We are called to use our power, as the body of Christ, as the mother hen gathering her brood under her wings. That’s the connection Professor Dirk Lange points out, between Jesus describing Herod as a fox who attackes the hens and devours the chickens, and describing his own work as that of a mother hen, gathering her chickens under her wings. Power is not used to satisfy one’s own hunger, power is used to protect and preserve those who are weak, who are vulnerable, who are in the most danger.

There is nothing wrong with power. One of our own members, John Trobaugh, is running for School Committee in the City of Worcester. We are not called to run from power with the idea that power is bad, but rather, we are called to participate in the proper use of power.

In a community of self-examination and repentance, prayer and fasting, we hold each other accountable to the proper use of power. We do these things, so that power does not use us, but we use power, aligned with the will of God, for the healing and salvation of the world.

The Good News today, is that the work of God, in Jesus Christ, who fulfills the covenant made to Abram and Sarai. The covenant is fulfilled in us, as the Holy Spirit works faith in us, to participate in God’s kingdom of healing, mercy, and justice.

Here today, in the presence of Jesus Christ, we are gathered under the wings of Christ. Here this morning, as the chicks protected by our mother hen, we are washed and fed, we are nourished and strengthened, we are encouraged and healed. Here today, we are brought together as the children of Abraham and Sarah and sent into the world as the body of Christ, as mother hen, to spread our wings over those who suffer.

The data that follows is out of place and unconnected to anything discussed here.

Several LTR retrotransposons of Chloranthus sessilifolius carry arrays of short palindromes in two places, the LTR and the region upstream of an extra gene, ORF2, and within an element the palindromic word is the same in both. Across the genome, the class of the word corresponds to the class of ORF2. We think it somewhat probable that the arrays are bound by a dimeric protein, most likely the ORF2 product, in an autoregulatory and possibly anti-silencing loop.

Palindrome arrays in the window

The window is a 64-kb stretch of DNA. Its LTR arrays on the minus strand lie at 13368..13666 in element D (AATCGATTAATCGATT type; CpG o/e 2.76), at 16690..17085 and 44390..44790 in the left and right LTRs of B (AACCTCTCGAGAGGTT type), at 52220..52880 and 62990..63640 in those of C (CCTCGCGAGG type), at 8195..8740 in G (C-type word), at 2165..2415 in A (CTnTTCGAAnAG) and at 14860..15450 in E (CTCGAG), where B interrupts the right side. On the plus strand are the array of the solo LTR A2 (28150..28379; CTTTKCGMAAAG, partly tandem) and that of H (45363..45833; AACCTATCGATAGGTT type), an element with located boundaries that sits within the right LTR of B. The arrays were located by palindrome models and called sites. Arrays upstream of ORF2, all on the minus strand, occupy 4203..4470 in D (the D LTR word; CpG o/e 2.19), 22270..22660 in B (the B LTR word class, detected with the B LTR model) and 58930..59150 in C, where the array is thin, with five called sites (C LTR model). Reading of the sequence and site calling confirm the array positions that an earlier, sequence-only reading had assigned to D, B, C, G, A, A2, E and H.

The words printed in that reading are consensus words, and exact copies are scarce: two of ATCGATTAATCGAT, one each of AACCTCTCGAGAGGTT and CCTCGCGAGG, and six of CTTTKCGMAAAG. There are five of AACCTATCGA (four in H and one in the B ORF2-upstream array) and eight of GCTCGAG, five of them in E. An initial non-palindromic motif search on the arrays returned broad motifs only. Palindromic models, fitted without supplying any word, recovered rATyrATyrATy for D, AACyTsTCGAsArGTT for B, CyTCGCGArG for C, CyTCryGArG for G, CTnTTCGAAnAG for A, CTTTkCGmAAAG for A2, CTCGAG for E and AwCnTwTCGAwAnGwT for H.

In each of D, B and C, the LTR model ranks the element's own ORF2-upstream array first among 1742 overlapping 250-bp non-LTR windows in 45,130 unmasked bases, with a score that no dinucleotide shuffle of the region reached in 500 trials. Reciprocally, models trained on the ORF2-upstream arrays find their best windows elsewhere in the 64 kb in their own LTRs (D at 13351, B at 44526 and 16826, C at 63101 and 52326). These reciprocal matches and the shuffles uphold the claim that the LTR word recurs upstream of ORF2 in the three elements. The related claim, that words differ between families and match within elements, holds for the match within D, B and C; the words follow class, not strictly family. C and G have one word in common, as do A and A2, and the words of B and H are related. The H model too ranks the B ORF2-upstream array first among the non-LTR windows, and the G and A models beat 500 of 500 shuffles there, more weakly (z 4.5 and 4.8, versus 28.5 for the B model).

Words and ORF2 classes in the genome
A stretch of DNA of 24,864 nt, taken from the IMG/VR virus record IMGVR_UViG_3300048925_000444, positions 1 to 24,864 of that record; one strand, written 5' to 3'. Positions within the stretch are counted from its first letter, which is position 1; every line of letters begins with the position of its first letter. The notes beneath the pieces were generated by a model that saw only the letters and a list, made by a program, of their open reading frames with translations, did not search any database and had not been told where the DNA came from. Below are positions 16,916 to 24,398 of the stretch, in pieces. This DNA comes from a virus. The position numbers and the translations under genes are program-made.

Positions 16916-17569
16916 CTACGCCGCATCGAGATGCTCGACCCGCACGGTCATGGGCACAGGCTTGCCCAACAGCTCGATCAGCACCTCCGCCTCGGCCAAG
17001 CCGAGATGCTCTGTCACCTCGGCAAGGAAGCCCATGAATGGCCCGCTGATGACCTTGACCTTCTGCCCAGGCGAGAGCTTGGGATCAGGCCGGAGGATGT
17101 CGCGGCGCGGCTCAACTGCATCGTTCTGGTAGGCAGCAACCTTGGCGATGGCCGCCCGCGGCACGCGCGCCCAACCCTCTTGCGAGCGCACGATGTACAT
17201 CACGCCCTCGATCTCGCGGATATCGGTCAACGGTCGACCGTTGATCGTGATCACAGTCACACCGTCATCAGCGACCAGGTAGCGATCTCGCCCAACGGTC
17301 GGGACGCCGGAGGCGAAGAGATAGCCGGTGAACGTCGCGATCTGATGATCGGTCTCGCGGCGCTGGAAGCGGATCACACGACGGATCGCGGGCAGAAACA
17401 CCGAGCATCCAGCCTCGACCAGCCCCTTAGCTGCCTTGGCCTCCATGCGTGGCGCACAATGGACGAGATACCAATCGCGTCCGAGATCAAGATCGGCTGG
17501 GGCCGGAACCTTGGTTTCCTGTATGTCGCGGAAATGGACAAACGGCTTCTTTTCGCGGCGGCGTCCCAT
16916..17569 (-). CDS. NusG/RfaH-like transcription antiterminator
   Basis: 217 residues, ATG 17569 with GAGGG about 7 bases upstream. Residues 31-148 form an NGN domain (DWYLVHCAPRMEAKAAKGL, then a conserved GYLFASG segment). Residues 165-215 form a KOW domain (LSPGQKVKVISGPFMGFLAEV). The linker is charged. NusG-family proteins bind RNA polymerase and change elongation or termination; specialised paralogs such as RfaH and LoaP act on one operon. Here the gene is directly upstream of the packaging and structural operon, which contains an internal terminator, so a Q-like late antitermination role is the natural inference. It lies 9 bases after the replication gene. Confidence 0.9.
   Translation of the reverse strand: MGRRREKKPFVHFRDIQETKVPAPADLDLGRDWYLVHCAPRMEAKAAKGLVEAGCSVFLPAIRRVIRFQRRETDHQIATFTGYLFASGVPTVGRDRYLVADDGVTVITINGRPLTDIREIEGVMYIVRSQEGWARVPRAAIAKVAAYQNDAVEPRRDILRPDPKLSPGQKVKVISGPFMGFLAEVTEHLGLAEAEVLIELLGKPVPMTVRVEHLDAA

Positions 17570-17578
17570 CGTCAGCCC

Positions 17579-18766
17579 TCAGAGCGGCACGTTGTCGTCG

The good news is of Jesus Christ alive in the selfless, thoughtful, and bold work of Christians using power to care for the least among us. Here in our ministry, here in us, is the work of Christ spreading her wings as mother hen over her children in many and various ways: in worship, in study, in hospitality, in prayer, in service.

The good news of Jesus Christ, is the news of Christ who does not stand idly by as sin marches on. But rather, speaks insults and judgment against abusive power, including our own abuse of power, while at the same time stirring up among us the boldness to speak out against power that rejects God’s word.

Friends in Christ, recognizing that our citizenship is in heaven, and in that citizenship we claim Jews and Muslims as fellow citizens, let us use our power for good. Let us use our power obedient to the command of the prophets, the call of Christ, to care for the least among us.  Let us place our power into the hands of Christ, who used his power in his death on the cross for the life, healing, and salvation of the world.

Indeed may it be so.